Ireland to become first EU country to ban microbeads in shower gels, scrubs, and cleaners
A great move for the environment.
Ireland is to become the first county in the EU to ban microbeads in shower gels, scrubs, and cleaners.
The Microbeads Prohibition Bill, which is set to be introduced to the Dáil, will restrict the use of rinse down the drain products that include the small plastic beads.
The ban will include shower gels, soaps and scrubs as per some other European countries, but will be the first to include household cleaning items that can also be washed down the drain.
The law would make it an offence to sell, supply, or manufacture such products due to the environmental harm they can cause.
Microbeads are generally no larger than one millimetre in size and are most commonly made from polyethylene. However, some microbeads are also made from other plastics such as polypropylene and polystyrene.
Rinsing microbeads down the drain can cause plastic particle pollution in water. The beads can also prove hazardous for fish and animals living in fresh water and oceans.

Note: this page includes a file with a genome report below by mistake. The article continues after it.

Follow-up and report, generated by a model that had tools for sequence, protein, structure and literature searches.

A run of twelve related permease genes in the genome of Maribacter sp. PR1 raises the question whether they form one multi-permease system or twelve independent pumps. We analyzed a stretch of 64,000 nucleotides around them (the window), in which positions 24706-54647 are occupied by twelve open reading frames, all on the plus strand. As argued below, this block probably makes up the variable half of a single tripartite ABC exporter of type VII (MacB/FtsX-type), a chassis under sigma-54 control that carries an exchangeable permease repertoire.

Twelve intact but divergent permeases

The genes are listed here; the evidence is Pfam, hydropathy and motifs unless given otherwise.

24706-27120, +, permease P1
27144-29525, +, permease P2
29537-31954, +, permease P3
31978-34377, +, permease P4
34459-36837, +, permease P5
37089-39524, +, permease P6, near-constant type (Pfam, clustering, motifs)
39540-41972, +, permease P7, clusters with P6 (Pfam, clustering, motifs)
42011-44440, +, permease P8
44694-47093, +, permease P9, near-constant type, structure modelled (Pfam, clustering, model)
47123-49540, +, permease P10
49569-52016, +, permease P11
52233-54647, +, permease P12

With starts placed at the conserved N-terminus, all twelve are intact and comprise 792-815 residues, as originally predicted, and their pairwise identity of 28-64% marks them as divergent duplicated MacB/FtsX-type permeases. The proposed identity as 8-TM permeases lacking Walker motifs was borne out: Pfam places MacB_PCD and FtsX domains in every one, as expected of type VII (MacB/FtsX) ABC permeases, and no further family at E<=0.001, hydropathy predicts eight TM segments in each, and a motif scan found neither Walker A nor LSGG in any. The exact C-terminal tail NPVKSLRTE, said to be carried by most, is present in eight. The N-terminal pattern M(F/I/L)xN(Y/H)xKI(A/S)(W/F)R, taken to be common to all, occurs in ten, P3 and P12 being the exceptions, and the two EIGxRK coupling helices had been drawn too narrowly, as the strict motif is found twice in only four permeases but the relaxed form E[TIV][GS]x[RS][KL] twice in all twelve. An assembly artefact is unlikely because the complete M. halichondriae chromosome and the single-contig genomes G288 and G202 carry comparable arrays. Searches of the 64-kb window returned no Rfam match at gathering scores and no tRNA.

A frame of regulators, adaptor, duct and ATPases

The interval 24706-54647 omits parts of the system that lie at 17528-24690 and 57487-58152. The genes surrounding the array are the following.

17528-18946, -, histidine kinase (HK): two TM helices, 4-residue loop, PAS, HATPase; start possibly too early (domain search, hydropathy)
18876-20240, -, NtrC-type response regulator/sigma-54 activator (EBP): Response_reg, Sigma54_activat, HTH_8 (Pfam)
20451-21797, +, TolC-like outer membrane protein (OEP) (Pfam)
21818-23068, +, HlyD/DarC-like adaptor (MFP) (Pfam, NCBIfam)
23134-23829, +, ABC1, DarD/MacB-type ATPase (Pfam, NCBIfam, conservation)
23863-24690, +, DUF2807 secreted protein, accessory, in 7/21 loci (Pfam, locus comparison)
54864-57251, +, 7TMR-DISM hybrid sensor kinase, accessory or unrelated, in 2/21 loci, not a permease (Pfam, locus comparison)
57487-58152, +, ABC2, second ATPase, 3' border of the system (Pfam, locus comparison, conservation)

Microbeads end up in fresh waters and oceans due to their ability to pass unfiltered through sewage treatment plants.
The UK introduced a ban the use of microbeads in rinse-off cosmetics and personal care products in 2018, with France, Canada, and the US introducing similar bans in the years before and after.
Ireland began discussing a ban on the sale, manufacture, import and export of products containing plastic microbeads as early as 2016.
A law was expected to be put to the Dáil last year but the bill was delayed.
The new Microbeads Prohibition Bill is now at the committee stage where amendment will be debated.
The bill will not include products that are made to be worn-on and not washed off.